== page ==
and controls Annual governance report
 establishes the extent to which the objectives The mechanism by which an organisation publicly
of the system are consistent with higher-level reports on its governance arrangements each year.
corporate objectives
Public service organisation
 evaluates the controls in principle to decide
whether or not they are appropriate and can One or more legal bodies managed as a coherent
be reasonably relied upon to achieve their operational entity with the primary objective of
purpose, addressing the organisation’s risks providing goods or services that deliver social
benefits for civic society, are not privately owned
 identifies any instances of over and under
and receive public and/or charitable funding.
control and provides management with a
clear articulation of residual risks where Assurance
existing controls are inadequate
A confident assertion, based on sufficient,
 determines an appropriate strategy to test relevant and reliable evidence, that something is
the effectiveness of controls ie through satisfactory, with the aim of giving comfort to the
compliance and/or substantive testing recipient. The basis of the assurance will be set out
 arrives at conclusions and produces a report, and it may be qualified if full comfort cannot be
leading to management actions as necessary given. The HIA may be unable to give an assurance
and providing an opinion on the effectiveness if arrangements are unsatisfactory.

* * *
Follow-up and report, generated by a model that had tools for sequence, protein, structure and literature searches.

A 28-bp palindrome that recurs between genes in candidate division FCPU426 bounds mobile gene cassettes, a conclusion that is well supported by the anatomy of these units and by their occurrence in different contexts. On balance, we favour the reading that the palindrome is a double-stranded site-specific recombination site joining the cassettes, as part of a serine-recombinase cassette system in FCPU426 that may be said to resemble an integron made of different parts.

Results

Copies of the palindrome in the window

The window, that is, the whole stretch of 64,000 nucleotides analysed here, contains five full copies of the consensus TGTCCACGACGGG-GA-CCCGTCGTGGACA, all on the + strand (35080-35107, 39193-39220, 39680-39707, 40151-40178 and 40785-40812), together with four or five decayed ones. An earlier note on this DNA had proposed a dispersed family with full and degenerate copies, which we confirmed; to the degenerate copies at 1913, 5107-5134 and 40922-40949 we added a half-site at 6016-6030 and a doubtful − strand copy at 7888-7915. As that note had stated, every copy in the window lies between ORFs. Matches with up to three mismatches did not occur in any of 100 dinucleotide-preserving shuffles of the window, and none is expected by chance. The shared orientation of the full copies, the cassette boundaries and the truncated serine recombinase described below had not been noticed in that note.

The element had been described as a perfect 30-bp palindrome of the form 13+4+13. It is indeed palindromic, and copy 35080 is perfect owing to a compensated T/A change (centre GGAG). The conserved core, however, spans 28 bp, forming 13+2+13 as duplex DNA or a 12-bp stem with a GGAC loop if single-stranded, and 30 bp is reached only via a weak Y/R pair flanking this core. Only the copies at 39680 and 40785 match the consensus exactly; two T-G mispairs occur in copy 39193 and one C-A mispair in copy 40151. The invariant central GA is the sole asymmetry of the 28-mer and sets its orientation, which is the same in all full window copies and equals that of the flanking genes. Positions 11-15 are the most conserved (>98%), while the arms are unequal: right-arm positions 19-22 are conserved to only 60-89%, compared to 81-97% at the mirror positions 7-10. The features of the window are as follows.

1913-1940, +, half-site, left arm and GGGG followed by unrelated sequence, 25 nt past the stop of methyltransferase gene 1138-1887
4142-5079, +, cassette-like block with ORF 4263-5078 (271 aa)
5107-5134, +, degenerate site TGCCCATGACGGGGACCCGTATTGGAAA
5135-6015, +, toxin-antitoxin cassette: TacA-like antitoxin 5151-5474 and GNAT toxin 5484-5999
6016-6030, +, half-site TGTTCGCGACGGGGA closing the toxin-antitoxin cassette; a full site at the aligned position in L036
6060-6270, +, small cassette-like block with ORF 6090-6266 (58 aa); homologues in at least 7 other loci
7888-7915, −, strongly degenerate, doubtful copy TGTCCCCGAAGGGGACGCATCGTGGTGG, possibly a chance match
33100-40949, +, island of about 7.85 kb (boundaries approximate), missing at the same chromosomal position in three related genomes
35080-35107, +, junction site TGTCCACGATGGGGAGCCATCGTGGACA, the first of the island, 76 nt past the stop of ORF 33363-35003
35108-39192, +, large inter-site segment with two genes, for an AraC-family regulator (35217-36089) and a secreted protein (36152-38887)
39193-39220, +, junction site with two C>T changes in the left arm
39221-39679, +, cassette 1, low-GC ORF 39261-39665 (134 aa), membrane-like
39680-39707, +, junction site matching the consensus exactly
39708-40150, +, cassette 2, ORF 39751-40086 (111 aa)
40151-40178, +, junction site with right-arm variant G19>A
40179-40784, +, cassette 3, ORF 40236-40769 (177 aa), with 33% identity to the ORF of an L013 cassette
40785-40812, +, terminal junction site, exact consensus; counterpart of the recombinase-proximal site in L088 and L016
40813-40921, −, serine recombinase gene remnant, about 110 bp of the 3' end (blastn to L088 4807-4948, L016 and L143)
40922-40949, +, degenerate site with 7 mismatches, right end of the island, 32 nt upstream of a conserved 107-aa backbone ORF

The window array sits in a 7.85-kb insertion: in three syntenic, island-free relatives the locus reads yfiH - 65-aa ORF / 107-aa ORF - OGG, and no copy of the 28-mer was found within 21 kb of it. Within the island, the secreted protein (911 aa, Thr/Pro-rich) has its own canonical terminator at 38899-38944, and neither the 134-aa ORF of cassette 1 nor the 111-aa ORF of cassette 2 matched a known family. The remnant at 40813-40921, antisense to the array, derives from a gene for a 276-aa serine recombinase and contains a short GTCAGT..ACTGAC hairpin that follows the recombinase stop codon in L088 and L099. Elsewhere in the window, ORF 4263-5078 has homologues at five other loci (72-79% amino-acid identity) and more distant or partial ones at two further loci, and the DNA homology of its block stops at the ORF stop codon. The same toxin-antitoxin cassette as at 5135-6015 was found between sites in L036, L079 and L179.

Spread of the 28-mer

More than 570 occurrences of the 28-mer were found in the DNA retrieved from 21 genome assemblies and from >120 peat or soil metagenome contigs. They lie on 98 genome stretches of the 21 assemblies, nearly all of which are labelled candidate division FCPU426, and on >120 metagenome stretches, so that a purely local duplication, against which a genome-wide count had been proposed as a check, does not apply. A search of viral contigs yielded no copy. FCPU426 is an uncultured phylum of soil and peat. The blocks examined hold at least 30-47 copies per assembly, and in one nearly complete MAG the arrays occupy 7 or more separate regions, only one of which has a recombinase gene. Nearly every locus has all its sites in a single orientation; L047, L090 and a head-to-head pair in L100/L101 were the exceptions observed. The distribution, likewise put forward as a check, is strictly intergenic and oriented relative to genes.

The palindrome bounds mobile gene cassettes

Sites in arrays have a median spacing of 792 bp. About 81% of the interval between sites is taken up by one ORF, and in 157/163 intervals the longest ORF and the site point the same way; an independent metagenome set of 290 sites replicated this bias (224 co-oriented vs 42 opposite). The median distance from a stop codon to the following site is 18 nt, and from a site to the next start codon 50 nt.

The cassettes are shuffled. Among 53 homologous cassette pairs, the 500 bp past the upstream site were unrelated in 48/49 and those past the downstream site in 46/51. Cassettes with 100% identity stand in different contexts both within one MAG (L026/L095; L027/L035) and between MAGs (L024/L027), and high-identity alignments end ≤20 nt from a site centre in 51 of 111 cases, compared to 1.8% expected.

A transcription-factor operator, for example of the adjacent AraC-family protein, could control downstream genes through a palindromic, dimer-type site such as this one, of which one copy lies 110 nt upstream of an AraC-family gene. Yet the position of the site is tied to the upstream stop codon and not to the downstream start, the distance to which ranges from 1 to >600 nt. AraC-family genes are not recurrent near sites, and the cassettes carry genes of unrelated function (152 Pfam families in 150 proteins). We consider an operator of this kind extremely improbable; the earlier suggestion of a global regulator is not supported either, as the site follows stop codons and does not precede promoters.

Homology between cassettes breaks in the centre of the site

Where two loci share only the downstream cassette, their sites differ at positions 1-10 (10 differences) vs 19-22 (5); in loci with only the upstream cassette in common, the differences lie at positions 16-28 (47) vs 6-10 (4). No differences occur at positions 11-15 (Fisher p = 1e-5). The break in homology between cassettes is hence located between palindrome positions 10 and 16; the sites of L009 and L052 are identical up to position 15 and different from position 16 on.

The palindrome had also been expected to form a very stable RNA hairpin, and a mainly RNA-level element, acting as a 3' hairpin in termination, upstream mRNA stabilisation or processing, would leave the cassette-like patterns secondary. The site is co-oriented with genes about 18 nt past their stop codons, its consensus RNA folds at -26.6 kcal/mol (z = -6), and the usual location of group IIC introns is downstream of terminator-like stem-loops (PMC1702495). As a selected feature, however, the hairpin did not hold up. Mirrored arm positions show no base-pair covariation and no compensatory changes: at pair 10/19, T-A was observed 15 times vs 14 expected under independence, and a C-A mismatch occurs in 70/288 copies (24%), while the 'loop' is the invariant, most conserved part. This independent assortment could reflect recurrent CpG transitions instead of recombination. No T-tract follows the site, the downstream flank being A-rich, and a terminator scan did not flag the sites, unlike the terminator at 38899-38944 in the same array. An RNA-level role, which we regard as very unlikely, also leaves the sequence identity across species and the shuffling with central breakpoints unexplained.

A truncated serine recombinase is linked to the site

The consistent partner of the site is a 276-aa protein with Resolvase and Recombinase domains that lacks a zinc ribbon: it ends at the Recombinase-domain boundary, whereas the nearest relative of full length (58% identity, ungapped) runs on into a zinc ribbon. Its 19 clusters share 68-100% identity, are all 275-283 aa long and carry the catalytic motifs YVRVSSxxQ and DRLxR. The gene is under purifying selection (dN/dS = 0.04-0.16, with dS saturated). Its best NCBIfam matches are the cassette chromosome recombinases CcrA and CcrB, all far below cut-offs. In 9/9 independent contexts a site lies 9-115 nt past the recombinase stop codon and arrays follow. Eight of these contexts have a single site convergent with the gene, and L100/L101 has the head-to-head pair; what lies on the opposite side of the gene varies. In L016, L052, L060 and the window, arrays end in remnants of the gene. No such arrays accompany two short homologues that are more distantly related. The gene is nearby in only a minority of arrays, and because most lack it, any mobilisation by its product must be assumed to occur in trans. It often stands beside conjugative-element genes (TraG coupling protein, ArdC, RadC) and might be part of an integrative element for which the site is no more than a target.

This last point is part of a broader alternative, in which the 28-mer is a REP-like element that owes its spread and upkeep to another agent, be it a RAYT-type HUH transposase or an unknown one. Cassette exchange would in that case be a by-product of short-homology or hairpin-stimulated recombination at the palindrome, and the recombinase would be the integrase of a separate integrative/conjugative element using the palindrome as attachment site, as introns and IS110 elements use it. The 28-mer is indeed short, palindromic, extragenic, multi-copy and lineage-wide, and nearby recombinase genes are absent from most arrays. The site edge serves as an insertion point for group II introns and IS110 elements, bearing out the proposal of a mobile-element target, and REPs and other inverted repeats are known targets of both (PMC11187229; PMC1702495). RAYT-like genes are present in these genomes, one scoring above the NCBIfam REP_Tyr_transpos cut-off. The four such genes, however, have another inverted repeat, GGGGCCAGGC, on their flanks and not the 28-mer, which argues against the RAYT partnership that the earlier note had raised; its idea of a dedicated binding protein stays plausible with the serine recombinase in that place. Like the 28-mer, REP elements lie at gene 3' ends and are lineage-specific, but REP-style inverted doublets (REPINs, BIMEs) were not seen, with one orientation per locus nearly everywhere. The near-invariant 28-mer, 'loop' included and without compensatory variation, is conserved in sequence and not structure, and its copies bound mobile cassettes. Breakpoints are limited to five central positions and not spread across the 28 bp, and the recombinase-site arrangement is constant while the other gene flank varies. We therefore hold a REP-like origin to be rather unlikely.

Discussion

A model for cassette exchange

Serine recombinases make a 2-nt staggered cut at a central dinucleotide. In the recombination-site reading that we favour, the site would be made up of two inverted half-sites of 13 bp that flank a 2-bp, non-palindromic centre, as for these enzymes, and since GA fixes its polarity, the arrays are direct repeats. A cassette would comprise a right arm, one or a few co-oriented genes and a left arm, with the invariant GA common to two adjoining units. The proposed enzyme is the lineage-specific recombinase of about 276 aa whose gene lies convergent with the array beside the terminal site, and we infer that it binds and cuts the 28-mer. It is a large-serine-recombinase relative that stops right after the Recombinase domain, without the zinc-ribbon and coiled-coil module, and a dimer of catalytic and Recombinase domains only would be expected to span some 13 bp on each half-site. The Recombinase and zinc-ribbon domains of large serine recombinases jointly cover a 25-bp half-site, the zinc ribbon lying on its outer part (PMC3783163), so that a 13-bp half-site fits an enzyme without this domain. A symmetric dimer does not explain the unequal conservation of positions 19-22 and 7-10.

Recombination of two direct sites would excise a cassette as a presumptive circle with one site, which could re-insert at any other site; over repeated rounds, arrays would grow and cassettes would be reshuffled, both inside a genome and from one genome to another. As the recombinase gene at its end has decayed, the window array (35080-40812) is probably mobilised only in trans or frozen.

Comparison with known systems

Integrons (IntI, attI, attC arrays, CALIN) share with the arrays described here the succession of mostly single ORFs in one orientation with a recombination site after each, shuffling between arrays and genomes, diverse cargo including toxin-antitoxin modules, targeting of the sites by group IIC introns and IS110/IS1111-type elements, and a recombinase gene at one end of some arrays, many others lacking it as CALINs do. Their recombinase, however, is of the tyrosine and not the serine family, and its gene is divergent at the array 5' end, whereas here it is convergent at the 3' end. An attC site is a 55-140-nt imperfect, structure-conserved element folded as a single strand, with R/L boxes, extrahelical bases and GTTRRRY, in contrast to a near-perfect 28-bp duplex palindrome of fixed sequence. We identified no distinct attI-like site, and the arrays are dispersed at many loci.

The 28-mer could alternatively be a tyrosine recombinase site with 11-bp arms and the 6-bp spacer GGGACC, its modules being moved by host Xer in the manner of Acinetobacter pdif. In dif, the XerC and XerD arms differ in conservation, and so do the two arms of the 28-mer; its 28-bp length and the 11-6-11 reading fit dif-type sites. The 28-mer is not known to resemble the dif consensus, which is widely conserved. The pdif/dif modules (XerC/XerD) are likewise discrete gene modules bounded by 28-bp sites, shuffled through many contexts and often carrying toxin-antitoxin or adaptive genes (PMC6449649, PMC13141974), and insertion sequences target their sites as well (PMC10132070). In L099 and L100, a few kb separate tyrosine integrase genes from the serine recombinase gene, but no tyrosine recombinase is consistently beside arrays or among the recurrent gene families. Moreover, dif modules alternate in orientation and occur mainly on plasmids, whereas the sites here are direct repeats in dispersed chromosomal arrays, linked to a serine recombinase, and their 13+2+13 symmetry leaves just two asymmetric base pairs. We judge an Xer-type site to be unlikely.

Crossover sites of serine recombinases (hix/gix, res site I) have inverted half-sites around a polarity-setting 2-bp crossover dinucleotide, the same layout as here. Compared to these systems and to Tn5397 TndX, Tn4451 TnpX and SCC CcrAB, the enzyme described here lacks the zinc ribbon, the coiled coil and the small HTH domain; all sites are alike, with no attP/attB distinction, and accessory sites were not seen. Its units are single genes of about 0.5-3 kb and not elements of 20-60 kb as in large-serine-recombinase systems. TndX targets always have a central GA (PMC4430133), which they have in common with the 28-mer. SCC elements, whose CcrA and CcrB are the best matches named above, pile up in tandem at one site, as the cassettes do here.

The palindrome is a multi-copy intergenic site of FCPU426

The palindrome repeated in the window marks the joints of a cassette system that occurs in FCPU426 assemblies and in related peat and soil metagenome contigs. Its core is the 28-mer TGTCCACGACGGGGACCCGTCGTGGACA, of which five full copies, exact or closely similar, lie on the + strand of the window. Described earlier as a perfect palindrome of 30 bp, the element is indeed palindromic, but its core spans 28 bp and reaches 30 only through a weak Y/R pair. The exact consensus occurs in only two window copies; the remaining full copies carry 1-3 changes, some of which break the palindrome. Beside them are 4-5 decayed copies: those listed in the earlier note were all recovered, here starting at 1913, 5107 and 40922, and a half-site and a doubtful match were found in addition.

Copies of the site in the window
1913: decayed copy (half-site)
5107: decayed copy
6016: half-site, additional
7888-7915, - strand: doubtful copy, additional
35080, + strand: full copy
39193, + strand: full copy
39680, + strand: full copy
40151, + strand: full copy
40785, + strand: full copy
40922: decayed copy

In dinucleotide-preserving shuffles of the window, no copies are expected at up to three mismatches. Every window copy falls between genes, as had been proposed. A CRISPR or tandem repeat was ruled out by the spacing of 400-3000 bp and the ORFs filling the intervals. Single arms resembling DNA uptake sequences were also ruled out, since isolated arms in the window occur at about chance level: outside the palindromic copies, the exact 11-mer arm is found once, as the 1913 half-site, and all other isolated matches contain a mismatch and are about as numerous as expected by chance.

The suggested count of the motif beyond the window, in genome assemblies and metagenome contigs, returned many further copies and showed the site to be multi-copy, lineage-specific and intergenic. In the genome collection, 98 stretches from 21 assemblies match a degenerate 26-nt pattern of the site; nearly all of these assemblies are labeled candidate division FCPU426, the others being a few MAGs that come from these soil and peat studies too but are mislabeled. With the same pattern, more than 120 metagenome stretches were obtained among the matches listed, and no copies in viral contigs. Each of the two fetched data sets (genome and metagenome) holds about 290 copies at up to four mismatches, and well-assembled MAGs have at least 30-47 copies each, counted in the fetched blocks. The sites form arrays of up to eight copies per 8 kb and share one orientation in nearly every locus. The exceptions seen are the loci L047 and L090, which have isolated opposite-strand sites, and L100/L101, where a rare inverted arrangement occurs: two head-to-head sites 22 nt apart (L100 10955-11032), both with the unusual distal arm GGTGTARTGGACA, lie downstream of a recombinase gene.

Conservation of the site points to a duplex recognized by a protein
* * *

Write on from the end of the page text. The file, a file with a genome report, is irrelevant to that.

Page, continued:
of the control environment. Assurance can come from a variety of sources
and internal audit can be seen as the ‘third line of
Audit Committee defence’ with the first line being the organisation’s
The governance group charged with policies, processes and controls and the second
independent assurance of the adequacy of the being managers’ own checks of this first line.
internal control environment and the integrity of
financial reporting. Head of Internal Audit Opinion
The opinion issued each year by the HIA on the
Internal audit* adequacy and effectiveness of the organisation’s
An assurance function that provides an control environment and which is used by
independent and objective opinion to the the Chief Executive in some public service
organisation on the control environment, by organisations as a key source in drafting the
evaluating its effectiveness in achieving the annual governance report.
organisation’s objectives. It objectively examines,